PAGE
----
CLASSIFIED INFORMATION Study shows government secrets increasing
Some fear too much secrecy threatens accountability.
WASHINGTON (AP) -- The government is withholding more information than ever from the public and expanding ways of shrouding data. Last year, federal agencies spent a record $148 creating and storing new secrets for each $1 spent declassifying old secrets, a coalition of watchdog groups reported Saturday.
That's a $28 jump from 2003 when $120 was spent to keep secrets for every $1 spent revealing them. In the late 1990s, the ratio was $15-$17 a year to $1, according to the secrecy report card by OpenTheGovernment.org.
Overall, the government spent $7.2 billion in 2004 stamping 15.6 million documents "top secret," "secret" or "confidential." That almost doubled the 8.6 million new documents classified as recently as 2001.
Last year, the number of pages declassified declined for the fourth straight year to 28.4 million. In 2001, 100 million pages were declassified; the record was 204 million pages in 1997.
These figures cover 41 federal agencies, excluding the CIA, whose classification totals are secret.
"These numbers show we are going in the wrong direction," said Rick Blum, author of the report and director of the coalition of consumer, environmental, labor, journalism and library groups.
The report also noted the growing use of secret searches, court secrecy, closed meetings by government advisory groups and patents kept from public view.
"The 9/11 Commission pointed out that too much secrecy can make us less safe from terrorists, and the inadequate response to Hurricane Katrina shows the public needs to know what could happen in their communities and what the response plans are," said Blum.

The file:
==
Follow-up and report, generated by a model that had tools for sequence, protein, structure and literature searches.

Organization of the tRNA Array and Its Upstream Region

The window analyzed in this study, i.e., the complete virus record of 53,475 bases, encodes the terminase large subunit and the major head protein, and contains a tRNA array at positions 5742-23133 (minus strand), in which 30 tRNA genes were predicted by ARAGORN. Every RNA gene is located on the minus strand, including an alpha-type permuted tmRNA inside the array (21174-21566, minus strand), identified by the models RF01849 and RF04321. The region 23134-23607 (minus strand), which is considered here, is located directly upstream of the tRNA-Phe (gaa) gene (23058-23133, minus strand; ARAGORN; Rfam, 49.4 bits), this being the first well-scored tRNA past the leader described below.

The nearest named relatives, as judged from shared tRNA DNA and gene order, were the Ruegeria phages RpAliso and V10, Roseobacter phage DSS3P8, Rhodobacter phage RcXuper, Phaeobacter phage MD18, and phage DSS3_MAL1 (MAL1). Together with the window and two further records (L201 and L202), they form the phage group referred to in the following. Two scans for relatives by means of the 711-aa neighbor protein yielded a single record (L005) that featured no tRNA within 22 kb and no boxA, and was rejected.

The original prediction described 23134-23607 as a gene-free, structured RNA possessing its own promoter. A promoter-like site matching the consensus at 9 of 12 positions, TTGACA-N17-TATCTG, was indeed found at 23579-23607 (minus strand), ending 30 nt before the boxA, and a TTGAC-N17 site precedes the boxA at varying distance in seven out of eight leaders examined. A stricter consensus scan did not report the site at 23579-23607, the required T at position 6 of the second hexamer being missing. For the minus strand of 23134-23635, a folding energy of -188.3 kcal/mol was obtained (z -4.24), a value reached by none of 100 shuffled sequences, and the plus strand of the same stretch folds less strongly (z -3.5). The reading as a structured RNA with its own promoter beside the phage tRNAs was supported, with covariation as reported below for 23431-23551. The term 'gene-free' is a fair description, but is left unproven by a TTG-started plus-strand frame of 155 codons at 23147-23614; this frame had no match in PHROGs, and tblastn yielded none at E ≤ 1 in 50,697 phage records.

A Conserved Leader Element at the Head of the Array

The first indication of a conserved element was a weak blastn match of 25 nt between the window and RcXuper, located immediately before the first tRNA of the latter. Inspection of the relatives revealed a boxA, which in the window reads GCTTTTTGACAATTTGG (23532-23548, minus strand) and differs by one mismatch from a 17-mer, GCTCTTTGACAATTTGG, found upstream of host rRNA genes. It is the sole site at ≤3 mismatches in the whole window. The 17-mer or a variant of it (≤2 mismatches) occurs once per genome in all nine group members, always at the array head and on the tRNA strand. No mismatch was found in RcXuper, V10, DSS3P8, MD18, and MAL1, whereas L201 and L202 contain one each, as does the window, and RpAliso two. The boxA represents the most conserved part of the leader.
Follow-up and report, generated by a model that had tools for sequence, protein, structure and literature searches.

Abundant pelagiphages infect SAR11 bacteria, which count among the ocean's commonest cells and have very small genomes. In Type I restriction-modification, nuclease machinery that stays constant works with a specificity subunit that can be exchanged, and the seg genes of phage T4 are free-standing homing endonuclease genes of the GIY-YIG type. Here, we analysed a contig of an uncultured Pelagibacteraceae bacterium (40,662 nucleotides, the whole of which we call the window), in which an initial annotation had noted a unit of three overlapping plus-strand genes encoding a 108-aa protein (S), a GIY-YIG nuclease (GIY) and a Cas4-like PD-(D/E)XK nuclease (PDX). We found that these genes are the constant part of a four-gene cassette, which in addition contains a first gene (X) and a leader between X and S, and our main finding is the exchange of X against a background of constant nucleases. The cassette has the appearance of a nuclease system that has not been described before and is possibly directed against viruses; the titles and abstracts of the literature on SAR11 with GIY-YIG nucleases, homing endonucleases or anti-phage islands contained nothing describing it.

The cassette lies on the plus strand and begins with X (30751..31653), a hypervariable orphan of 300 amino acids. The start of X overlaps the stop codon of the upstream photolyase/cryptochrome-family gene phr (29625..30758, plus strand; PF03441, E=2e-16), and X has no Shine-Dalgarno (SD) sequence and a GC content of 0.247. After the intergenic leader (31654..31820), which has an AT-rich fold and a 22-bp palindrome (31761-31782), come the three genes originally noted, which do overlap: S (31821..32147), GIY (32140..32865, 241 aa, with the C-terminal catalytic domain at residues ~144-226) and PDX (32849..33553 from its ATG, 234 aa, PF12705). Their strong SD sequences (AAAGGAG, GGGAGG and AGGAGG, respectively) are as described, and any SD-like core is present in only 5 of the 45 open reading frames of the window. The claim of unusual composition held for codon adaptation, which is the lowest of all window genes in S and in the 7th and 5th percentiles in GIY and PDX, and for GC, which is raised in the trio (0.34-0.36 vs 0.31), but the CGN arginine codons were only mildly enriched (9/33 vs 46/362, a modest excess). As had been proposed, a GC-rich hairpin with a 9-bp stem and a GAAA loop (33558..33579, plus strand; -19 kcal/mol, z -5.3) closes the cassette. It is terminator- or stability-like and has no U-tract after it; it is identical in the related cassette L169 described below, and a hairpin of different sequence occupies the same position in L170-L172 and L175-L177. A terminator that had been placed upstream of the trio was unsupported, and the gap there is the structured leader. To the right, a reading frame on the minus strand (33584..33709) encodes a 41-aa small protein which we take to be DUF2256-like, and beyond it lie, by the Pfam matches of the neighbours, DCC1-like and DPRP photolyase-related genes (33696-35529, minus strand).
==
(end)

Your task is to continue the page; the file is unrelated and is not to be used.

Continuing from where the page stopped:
He said a new law outside the classification system shrouds "sensitive homeland security information" about infrastructure vulnerabilities and plans.
"Public engagement in helping fight terrorism or addressing public health risks is the biggest single advantage American society has," Blum said.
The numbers do not solely reflect overclassification, said J. William Leonard, director of the National Archives' Information Security Oversight Office, which monitors classification.
Since the Sept. 11, 2001, attacks, "many agencies have gone to 24/7 operations; others have increased their intelligence product, and the military is fighting two wars. You can't do that without producing more classified, and unclassified, information."
Leonard said classification costs rise as agencies share secrets electronically. Yet, he said, "the great lesson of 9/11 is that improper hoarding of information can cost lives and harm national security."
The report identified 50 new restrictions in laws, regulations or "mere assertions by government officials" that keep unclassified information from the public. Some are needed to protect privacy or trade secrets, the report said, but "such unchecked secrecy threatens accountability in government."
These include labels like "limited official use," "critical infrastructure information" and "operations security protected."
"The volume and impact of these pseudo-classifications is growing," said Rep. Christopher Shays, R-Conn., chairman of the House national security subcommittee, and "inhibits the free flow of critical information."
Leonard said, "No one individual in government can identify all the controlled, unclassified [markings], let alone describe their rules."
Blum said he was encouraged by emergence in the last year of "a vocal chorus pushing back against secrecy." He cited a bipartisan bill to strengthen the Freedom of Information Act and efforts like the Sunshine in Government Initiative, organized by The Associated Press and seven organizations interested in journalism.